That is not to say the concerto, more mood than melody, wasn’t impressive. The score seemed very difficult, even virtuosic, and it certainly had moments that allowed the two soloists to show off their first-rate, Juilliard-trained chops.

Will this new concerto join other two-piano staples, such as the famous two-piano concertos by Poulenc and Mozart? It would take more hearings to be sure, but The Ear suspects not. It will surely get repeated hearings, especially from the Shinns, without becoming a go-to default piece in the two-piano repertoire. But he could well be wrong.

In any case, one would be hard put to find a better summary of the WCO approach to music-making than this outstanding concert that combined the old and the new, that mixed works from the 19th, 20th and 21st centuries and performed them with technical precision and moving interpretation.

Bravos to all.

And all the more reason to look forward, after the WCO’s six summer outdoor Concerts on the Square from June 28 to Aug. 2, to the next indoors Masterworks season, both of which you can find here:


  1. I enjoyed the piano concerto and felt it to be compelling enough to warrant another performance.


    Comment by Larry Wells — May 3, 2017 @ 11:00 am

    • The WCO and its musical director should also be commended for commissioning a new work and promoting it AND presenting an exciting program that is not full of war horse pieces. Would that that spirit were found elsewhere in the classical music world in Madison!


      Comment by FFlambeau — May 3, 2017 @ 7:55 pm

  2. How sad that the reviewer’s standard for music for piano (4 hands) is just the Poulenc and Mozart staples.

    There’s a nice CD out by the Piano Duo Venti Dita (featuring pianists Marvin Rosen and Jennifer Castellano) that is completely full of such music and it features works by Mortin Feldman and Alan Hovhaness including his Child in the Garden Op. 168 (after which the album is named) and his Psalm and Fugue Op. 40a. Hovhaness is outstanding with fugues and counterpoint.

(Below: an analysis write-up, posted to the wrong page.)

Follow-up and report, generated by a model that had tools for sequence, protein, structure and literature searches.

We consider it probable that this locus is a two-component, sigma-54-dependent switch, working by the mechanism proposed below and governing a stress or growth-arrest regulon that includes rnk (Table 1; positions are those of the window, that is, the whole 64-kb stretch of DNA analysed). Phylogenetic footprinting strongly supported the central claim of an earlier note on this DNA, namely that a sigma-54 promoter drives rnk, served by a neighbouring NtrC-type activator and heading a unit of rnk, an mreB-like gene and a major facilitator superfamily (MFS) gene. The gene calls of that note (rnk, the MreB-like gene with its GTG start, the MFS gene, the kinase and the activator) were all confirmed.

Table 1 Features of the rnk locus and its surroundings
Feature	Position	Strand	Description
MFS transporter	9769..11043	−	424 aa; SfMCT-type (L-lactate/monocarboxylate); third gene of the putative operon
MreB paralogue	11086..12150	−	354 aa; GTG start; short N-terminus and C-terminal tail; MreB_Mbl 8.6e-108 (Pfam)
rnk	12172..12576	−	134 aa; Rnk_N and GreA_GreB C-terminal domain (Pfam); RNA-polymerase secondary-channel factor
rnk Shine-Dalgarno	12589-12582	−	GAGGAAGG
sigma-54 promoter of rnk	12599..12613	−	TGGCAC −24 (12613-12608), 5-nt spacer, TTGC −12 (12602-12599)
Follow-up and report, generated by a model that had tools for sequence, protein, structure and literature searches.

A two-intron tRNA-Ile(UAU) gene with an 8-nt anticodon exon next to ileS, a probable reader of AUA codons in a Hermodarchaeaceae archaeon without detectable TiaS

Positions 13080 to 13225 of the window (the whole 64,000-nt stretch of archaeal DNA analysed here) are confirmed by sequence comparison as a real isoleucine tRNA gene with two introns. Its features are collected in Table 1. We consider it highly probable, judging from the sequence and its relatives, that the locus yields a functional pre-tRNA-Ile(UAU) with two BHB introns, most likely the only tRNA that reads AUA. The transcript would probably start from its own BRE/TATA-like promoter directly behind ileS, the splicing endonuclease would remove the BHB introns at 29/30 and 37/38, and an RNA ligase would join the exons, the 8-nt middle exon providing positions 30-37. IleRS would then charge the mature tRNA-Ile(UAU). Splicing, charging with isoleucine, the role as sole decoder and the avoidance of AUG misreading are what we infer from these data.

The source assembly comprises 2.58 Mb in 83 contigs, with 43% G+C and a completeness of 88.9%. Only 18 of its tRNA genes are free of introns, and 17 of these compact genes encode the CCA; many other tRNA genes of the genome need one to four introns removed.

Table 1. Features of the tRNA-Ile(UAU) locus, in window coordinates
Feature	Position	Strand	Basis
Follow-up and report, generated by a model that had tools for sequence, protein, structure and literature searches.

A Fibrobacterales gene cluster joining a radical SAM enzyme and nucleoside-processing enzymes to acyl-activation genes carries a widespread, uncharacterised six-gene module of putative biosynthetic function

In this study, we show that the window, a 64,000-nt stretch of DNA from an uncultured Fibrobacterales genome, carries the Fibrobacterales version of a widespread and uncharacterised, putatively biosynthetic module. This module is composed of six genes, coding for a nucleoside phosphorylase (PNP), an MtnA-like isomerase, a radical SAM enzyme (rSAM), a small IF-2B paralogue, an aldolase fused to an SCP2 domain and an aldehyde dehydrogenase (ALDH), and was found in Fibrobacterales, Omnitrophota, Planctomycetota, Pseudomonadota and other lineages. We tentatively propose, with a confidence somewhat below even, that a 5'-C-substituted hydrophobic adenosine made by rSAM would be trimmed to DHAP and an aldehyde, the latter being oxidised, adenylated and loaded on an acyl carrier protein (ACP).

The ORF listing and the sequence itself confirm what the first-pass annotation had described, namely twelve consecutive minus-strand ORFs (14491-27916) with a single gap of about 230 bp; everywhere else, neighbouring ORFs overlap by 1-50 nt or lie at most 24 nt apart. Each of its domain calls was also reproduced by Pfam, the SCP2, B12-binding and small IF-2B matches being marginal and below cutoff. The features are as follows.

I cannot speak to the new “Rainbow” work but it should be given a chance, rather than dismissed. All music was once “new” even Poulenc and Mozart.


    Comment by FFlambeau — May 3, 2017 @ 5:55 am

  3. Maestro Sewell is from New Zealand and 25 April (near the date of this performance) is a special day in the memories of both Australians and New Zealanders. It marks Anzac Day, a day of remembrance for their war dead but especially for one major World War I battle.

    This was a major battle in World War I in which Allied forces (mostly Australians and New Zealanders) were foolishly put into battle trying to force the Dardanelles held by Turkey’s Ataturk at Gallipoli in an effort to take Istanbul. It was yet another disastrous campaign planned by Winston Churchill (great leader, lousy strategist)(one of FDR’s biographers has an entry in which he indicates that Churchill repeatedly sent FDR war plans and FDR routinely and wisely filed them away with a chuckle in his “circular basket”). The forces were mostly non-British and the Aussies and New Zealanders (and of course, the Irish) took the brunt of losses: Australia with about 9,000 deaths and New Zealand with about 2,700 (New Zealand had and still has a much smaller population, of course). Their per capita losses were far greater than the British or the French. On both sides, casualties were over 200,000.

    Anzac Day is a public holiday in New Zealand.

    So the choice of the Ravel was an especially good one.


    Comment by FFlambeau — May 3, 2017 @ 3:06 am